Rent Shop Volunteer Join

Q. Who is Mr. Smarty Plants?

A: There are those who suspect Wildflower Center volunteers are the culpable and capable culprits. Yet, others think staff members play some, albeit small, role. You can torture us with your plant questions, but we will never reveal the Green Guru's secret identity.

Help us grow by giving to the Plant Database Fund or by becoming a member

Did you know you can access the Native Plant Information Network with your web-enabled smartphone?

Share

Ask Mr. Smarty Plants

Ask Mr. Smarty Plants is a free service provided by the staff and volunteers at the Lady Bird Johnson Wildflower Center.

Search Smarty Plants
See a list of all Smarty Plants questions

Please forgive us, but Mr. Smarty Plants has been overwhelmed by a flood of mail and must take a break for awhile to catch up. We hope to be accepting new questions again soon. Thank you!

Need help with plant identification, visit the plant identification page.

 
rate this answer
Not Yet Rated

Monday - September 23, 2013

From: Spicewood, TX
Region: Southwest
Topic: Plant Identification
Title: New thorn/bush tree in Central Texas
Answered by: Nan Hampton

QUESTION:

In Central Texas, over the last 5 years we have seen a new variety of thorn bush appear. It has very long thorns much like mesquite tree but thorns are every inch or so along the branches. The tree is like a bush but will grow 20 or more feet high. The color of the tree is almost a blue green.

ANSWER:

My best guess from your description is Zanthoxylum hirsutum (Texas hercules' club).  Here are photos and more information from Archive of Central Texas Plants from the School of Biological Sciences, University of Texas.  Crushed leaves give off an odor that smells like oranges or other citrus fruits.  If you chew one of the leaves (the young leaves, in particular), you will notice that your tongue begins to feel numb.  Native Americans used the leaves to treat toothache; thus, its common names of Tickle-tongue and Toothache tree.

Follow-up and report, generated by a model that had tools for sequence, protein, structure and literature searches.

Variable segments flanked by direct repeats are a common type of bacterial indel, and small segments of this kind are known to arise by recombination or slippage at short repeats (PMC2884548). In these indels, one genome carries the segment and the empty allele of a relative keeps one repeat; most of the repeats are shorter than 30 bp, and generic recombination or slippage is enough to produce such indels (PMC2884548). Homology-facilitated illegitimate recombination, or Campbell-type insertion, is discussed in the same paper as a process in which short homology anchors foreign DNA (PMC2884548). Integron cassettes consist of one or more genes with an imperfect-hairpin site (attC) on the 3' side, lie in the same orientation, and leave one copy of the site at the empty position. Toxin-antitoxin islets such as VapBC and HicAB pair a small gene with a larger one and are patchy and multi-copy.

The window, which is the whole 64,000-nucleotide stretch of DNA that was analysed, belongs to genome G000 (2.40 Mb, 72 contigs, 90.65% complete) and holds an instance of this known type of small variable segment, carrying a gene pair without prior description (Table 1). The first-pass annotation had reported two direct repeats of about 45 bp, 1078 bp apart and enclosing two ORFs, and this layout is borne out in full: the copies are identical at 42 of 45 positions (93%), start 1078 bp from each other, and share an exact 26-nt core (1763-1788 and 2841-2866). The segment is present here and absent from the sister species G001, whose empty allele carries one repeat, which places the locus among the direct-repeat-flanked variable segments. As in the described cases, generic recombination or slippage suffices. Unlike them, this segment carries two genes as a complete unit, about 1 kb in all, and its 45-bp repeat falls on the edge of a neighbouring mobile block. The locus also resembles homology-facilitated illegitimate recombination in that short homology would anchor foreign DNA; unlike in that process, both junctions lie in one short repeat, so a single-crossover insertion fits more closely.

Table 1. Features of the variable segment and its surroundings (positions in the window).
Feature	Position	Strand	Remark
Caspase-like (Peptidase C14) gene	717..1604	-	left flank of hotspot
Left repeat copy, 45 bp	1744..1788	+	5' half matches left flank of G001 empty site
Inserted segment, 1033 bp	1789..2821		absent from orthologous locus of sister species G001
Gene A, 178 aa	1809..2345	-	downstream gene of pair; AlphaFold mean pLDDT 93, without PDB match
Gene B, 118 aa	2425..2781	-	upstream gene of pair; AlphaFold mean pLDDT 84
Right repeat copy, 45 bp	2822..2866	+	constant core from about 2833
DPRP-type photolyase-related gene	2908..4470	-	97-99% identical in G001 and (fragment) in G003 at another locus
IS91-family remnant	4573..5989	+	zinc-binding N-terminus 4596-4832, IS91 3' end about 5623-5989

Other possibilities are:

Ziziphus obtusifolia (Lotebush)  Here are photos and more information from Texas A&M Horticulture and Virginia Tech University.

Castela erecta (Goatbush)  Here is a description from the US Forest Service and here are photos and more information from Texas A&M Horticulture and photos from Flora of Dolan Falls Preserve in Val Verde County, Texas.

Sideroxylon lanuginosum (Gum bumelia)  Here are photos and more information from the Archive of Central Texas Plants from the School of Biological Sciences, University of Texas.

 

From the Image Gallery


Texas hercules' club
Zanthoxylum hirsutum

Lotebush
Ziziphus obtusifolia

Gum bumelia
Sideroxylon lanuginosum

More Plant Identification Questions

Plant Identification
November 15, 2008 - Hi, I live in ne pa.i have always had a fasvorite wild flower with yellow flowers in the spring. the plant lasts all summer and fall til first frost. It gets small thin bean like seed pods that I save...
view the full question and answer

Plant identification
July 07, 2010 - This should be an easy one. I would like to identify a plant that grows along river banks, usually up to the edge of the water and within 50' of water course, and is very common. It is up to 8' in ...
view the full question and answer

Plant identification of purple flower in Washington state
July 19, 2013 - I need help. I am a 10 year old girl who just happens to have a brother. He has a deep purple flower with small, oval shaped petals. We would like to know what it is. We planted it in a garden thing a...
view the full question and answer

Plant Identification
June 05, 2012 - I have a plant that looks like a lamb ear leaf but with a carnation flower on top. What is it?
view the full question and answer

Observation of Kalmia angustifolia in George Washington National Forest in Virginia
March 19, 2015 - On Feb. 7th, 2015 I observed a variety Kalmia on the crest of a ridge, recently burned off, in the George Washington National Forest. I think it may be sheep laurel (Kalmia angustiflora), which coloni...
view the full question and answer

Support the Wildflower Center by Donating Online or Becoming a Member today.